•    Anonymous said… I can ID with that poor chap; i think we can see what we miss out on due to our hypersensitivity.
•    Anonymous said… I don't mind being touched and I have Aspergers  :)
•    Anonymous said… I sometimes have this issue as well. But it's more I don't want to be touched or held onto by certain people. My close friends or a girlfriend(intimacy is no problem for me)could grab on or hug or lean on me, but I'm uncomfortable with touching or being touched by certain family members or people who are effectively strangers to me. I definitely tense up when grabbed or touched by someone other than those truly close to me.
•    Anonymous said… I'm the same it took a while before I was comfortable with my boyfriend initiating contact, and even now if I'm out of sorts in any way or upset he know not to try to hug me, but hugging a person is his instinct when they are upset and it took him time to get used to not doing it to me. He does say that because I don't like contact that much, it makes it mean so much more to him when I do show affection and give him a hug or kiss.
•    Anonymous said… It can be VERY difficult if that's a true need for you.
•    Anonymous said… It takes awhile... I'm the same way... I don't like being touched until I'm VERY comfortable with the person... once I get comfortable though I tend to swing the opposite way...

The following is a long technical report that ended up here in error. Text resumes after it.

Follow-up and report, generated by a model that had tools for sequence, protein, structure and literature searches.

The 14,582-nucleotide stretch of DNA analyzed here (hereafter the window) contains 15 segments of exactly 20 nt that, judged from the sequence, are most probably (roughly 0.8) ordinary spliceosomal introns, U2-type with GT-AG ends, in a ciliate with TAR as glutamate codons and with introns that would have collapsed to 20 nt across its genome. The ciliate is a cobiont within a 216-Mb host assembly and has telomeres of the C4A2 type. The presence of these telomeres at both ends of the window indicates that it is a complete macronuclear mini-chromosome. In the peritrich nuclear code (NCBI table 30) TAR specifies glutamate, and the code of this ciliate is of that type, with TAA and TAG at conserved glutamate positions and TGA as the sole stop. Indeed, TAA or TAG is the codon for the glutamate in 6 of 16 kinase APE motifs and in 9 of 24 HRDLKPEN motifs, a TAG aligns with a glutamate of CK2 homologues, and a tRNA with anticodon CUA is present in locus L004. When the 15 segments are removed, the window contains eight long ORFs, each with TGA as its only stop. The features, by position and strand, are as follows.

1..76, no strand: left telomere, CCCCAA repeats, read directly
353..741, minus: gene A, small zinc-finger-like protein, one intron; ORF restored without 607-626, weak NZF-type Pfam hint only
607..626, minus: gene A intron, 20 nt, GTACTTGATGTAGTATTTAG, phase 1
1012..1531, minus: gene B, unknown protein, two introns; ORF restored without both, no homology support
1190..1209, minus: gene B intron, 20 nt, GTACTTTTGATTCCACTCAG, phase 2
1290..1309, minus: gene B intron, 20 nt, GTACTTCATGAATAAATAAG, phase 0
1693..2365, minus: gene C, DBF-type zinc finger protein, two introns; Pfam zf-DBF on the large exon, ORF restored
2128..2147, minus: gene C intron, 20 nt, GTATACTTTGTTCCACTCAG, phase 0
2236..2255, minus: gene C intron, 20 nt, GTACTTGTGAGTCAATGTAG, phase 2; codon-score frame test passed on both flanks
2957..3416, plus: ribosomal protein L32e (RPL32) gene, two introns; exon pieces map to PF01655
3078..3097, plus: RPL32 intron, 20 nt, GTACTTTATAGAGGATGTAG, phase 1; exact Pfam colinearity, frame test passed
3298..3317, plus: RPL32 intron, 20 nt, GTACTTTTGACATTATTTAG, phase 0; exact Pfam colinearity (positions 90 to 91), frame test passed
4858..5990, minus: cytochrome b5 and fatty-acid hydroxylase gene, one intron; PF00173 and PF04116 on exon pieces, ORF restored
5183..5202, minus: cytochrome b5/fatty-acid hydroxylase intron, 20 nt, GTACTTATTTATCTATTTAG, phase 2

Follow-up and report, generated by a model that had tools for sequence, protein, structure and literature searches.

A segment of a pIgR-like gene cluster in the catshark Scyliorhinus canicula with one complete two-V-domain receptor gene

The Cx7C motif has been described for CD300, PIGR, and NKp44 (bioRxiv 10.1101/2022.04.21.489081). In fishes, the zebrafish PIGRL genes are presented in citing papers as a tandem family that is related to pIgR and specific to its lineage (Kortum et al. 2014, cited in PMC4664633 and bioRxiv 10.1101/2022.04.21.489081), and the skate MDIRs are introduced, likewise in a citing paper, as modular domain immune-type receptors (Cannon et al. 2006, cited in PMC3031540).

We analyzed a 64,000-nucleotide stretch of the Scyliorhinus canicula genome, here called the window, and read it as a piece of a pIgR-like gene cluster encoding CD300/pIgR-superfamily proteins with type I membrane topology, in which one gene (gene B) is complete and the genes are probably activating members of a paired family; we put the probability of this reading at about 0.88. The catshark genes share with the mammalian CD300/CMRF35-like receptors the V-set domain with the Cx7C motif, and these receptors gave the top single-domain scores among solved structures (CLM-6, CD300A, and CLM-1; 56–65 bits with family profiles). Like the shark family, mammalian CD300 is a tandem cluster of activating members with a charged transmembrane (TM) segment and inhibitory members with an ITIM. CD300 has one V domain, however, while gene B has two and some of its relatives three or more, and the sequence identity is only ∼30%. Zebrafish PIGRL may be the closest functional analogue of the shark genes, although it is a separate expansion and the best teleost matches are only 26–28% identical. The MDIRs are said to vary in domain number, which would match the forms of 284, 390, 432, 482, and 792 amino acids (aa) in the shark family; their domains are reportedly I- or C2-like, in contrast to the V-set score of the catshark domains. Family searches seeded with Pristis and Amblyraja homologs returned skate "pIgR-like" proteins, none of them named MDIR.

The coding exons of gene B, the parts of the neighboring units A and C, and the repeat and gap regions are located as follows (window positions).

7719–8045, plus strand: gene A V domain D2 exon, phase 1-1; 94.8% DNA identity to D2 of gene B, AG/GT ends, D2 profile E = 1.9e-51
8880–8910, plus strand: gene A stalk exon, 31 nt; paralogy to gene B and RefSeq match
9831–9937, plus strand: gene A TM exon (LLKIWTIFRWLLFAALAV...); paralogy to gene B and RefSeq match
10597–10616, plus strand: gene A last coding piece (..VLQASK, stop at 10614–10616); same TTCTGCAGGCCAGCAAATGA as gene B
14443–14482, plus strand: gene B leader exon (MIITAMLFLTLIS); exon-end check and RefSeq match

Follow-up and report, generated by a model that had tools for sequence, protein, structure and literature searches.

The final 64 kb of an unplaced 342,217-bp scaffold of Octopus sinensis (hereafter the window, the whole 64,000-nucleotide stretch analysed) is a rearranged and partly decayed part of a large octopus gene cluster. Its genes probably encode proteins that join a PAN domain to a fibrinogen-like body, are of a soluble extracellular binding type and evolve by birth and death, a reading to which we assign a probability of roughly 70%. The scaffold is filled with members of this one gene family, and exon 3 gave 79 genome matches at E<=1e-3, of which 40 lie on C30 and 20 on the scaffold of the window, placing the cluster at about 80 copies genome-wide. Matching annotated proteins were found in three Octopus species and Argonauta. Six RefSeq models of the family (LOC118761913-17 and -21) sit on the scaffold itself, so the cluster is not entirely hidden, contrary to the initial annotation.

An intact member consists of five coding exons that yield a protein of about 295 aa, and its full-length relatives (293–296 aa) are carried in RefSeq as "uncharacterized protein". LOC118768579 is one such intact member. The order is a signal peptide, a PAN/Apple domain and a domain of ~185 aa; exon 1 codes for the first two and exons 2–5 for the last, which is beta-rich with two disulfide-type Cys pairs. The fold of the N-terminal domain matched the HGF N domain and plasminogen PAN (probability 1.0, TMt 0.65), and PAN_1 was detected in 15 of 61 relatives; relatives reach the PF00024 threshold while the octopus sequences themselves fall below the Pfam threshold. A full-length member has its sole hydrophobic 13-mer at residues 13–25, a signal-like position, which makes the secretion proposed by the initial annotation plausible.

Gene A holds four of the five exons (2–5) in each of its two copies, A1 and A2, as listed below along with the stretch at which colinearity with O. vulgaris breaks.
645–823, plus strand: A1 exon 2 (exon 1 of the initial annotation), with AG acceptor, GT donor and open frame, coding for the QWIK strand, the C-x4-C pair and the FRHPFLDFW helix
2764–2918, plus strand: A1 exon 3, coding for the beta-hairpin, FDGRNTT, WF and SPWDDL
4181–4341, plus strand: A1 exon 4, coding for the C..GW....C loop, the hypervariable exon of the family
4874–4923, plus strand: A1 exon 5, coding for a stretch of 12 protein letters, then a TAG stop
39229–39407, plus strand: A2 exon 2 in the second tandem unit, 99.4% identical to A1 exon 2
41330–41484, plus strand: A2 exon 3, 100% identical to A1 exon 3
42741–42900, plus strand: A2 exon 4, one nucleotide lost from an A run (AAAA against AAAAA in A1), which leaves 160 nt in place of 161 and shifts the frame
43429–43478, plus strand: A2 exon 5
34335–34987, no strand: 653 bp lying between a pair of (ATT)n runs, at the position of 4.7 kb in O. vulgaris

•    Anonymous said… It's absolutely fantastic he told you up front!! Just know his love for you will be shown in different ways. You'll both have to make adjustments.... but isn't that true of any relationship? I've been with my asperger's husband for 10 years now.
•    Anonymous said… No, no we don't. It takes a very long time before I feel comfortable with someone even high fiving me.
•    Anonymous said… Phisical contact can happen for me but it takes a bit time to get used to the person been trying to
•    Anonymous said… That would be me and is why I have never had a girlfriend
•    Anonymous said… This is a common thing sign aspergics. I used to 'ball up' when ever some one Hugged me.
•    Anonymous said… This is a common thing sign aspergics. I used to 'ball up' when ever some one Hugged me.
•    Anonymous said… You might find it a bit ridiculous, but my husband sometimes ask before, like "hey can I hug you now and I find it much more easy because I know what's coming, and I'm really enjoying it.